The cable channels are choked with yowling, contumacious conservatives who rail against President Obama's emergency stimulus bill and a federal bailout of failed financial institutions. What makes them "conservative?" Defining "Conservative" as it applies to today's obstreperous orators is not an easy thing to do.
The shaping and molding of today's conservatives has taken a twisting path over past decades. From the Whigs of the 1830's to the early twentieth century when Teddy Roosevelt's governing style was more as a Progressive than a Conservative, on to the promises of Herbert Hoover that prosperity was just "on the horizon," defining conservatives has been but a series of redefinitions.
Other evolutionary benchmarks include William F. Buckley, Jr's founding of The National Review in 1955. It was a magazine where writers could express their disagreements with liberal views and leadership. Buckley attracted the strident anti-communist, Robert W. Welch, Jr., who founded the John Birch Society and helped bankroll the new right wing magazine. The anti-left, anti-liberal movement picked up steam in the 1970's with Irving Kristol's attacks upon those whom he saw as "soft on communism." Kristol is credited with starting the neoconservative movement which ultimately produced the likes of Dick Cheney, Donald Rumsfeld, Paul Wolfowitz, and most of the top players in the eight years of the George W.Bush administration.
But, in a few words, what do conservatives believe today? What do they want from government? The conservative family tree is a murky genealogy. It ranges from Whigs to Libertarians to the influence of Russian immigrant and popular author, Ayn Rand, whose "Atlas Shrugged" is still a top seller on Amazon. Rand, to me, was like the oracle Sibyl, because her populist political pronouncements are interpreted so broadly from opposing poles.
It has been noted that, "On the left, linguist and analytic philosopher Noam Chomsky considered Rand "one of the most evil figures of modern intellectual history." On the right, conservative commentator William F. Buckley, Jr. declared: "Ayn Rand is dead. So, incidentally, is the philosophy she sought to launch dead; it was in fact stillborn."
More recently, Social scientists at UCBerkeley undertook a detailed non-judgmental study of "consistent underlying motivations of politically conservative agendas." It basically boils down some of the common psychological factors linked to political conservatism which include:
- Fear and aggression
- Dogmatism and intolerance of ambiguity
- Uncertainty avoidance
- Need for cognitive closure
- Terror management
That certainly seems to apply to the flat statements of present day conservatives like Eric Cantor, John Boehner, and certainly John McCain. "Our plan would create 6 million jobs," is a common claim they present. However no one has ever bothered to explain their "plan" and how it would create jobs. Conservatives seem to believe, just as they believe they are going to heaven, that if we only granted tax cuts, tax credits and tax-rebates without actually spending any money, we would create 6 million jobs and overcome a recession. They also call for "Victory in Iraq" which is equally undefined, and undefinable.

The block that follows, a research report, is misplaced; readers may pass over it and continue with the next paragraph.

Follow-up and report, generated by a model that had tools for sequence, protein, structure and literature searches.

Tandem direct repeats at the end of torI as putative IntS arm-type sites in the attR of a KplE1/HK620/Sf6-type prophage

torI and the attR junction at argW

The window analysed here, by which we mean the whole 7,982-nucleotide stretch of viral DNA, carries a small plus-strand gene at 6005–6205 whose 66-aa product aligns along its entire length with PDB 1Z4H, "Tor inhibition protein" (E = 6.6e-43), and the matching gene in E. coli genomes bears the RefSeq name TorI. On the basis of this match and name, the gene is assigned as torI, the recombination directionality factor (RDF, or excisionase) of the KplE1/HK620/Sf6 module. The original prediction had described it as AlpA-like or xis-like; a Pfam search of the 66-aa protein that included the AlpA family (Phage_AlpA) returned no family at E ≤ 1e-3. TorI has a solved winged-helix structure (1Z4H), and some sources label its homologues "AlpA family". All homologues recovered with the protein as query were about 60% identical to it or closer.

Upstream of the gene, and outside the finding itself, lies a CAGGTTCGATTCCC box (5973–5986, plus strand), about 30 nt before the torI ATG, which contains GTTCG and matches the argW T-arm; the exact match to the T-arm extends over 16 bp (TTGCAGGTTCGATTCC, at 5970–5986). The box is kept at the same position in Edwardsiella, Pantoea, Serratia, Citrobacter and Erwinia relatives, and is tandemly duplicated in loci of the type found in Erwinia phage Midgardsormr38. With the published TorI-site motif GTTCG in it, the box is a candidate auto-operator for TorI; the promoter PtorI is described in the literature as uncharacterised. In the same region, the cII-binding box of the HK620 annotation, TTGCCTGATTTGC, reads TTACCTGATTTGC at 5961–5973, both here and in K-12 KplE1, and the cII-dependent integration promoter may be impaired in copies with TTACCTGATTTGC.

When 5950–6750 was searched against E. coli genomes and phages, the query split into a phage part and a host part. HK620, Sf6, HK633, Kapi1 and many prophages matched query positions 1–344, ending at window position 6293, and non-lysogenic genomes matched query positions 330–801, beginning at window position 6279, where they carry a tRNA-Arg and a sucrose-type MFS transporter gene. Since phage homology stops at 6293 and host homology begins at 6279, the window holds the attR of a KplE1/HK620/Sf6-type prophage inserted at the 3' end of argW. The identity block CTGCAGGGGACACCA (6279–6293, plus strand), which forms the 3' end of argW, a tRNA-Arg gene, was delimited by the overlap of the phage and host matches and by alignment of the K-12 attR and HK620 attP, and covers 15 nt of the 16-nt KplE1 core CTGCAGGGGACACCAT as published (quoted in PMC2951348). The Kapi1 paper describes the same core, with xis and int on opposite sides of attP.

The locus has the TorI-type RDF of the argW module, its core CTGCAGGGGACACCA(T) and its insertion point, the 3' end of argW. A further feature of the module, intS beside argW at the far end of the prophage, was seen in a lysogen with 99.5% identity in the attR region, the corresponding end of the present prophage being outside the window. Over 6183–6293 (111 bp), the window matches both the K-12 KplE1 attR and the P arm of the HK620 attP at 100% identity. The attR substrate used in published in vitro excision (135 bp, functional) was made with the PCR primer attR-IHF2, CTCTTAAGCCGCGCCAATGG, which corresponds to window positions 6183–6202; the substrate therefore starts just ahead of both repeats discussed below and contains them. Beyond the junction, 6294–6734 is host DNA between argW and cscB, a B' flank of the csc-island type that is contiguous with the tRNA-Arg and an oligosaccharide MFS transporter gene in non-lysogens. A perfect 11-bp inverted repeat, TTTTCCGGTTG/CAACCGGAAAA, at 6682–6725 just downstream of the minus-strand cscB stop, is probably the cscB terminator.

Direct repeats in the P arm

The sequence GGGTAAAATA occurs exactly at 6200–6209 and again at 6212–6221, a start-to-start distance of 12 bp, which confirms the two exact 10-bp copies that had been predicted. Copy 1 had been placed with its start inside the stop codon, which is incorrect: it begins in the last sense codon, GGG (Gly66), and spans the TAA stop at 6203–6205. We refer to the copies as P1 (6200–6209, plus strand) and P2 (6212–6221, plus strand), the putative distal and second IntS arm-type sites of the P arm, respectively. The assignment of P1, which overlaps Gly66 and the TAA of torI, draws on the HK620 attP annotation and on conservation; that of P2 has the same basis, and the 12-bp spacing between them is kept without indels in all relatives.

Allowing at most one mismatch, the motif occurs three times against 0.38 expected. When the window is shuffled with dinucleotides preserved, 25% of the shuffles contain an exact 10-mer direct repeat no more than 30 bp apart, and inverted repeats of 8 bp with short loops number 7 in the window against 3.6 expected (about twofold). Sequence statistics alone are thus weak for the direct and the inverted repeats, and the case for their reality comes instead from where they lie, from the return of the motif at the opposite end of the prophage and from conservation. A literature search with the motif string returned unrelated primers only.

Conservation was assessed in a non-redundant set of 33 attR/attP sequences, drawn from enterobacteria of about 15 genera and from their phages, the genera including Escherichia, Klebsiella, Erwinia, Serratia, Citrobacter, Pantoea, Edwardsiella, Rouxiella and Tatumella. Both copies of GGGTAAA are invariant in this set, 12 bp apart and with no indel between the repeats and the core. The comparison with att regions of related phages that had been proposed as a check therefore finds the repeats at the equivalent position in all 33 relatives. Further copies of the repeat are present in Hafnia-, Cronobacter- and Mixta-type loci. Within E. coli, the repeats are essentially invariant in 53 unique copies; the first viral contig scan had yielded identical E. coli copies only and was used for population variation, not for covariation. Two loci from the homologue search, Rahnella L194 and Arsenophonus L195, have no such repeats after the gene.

So, what is left of the so-called conservative-base today are at each others throats. Radio entertainer Rush Limbaugh, exploits their discord, whipping up a frenzy. It seems so difficult for conservatives to admit they may be wrong. It is equally hard to admit that Limbaugh is playing them all like a cheap guitar while he rakes in millions from his outrageous radio show.
Howard Gardner, a psychologist at Harvard University, asks, "Why, then, do right wing partisans ignore this evidence and continue to support policies that are patently dysfunctional? I believe it is because, having stated a position, based on either their own family values or those dictated by their religion, they are loathe to change their minds and declare that they have been wrong."
British Economist, John Maynard Keynes' economic policies basically state: "The modern capitalist economy does not automatically work at top efficiency, but can be raised to that level by the intervention and influence of the government." Such governmental control is anathema to conservatives. Today, they refuse to admit that their gradual removal of the Keynesian oversight of banks and Wall Street largely brought about the mess we are in today.
Keynes himself noted, appropriately, "I do not know which makes a man more conservative -- to know nothing but the present, or nothing but the past."
Stuck in a time warp of denial and obstinacy, it seems that conservatives today continue to thrash about as harsh reality bangs hard against their deep seated belief in some sort of fiscal tooth fairy.
Rush Limbaugh this afternoon reached new heights of megalomania when he invited President Obama to come to his studio and debate him. Regarding the invitation, Mr. Obama will certainly apply his understanding that, "If one finds oneself in an argument with a fool, make sure he is not similarly occupied."
graphic by Larry Ray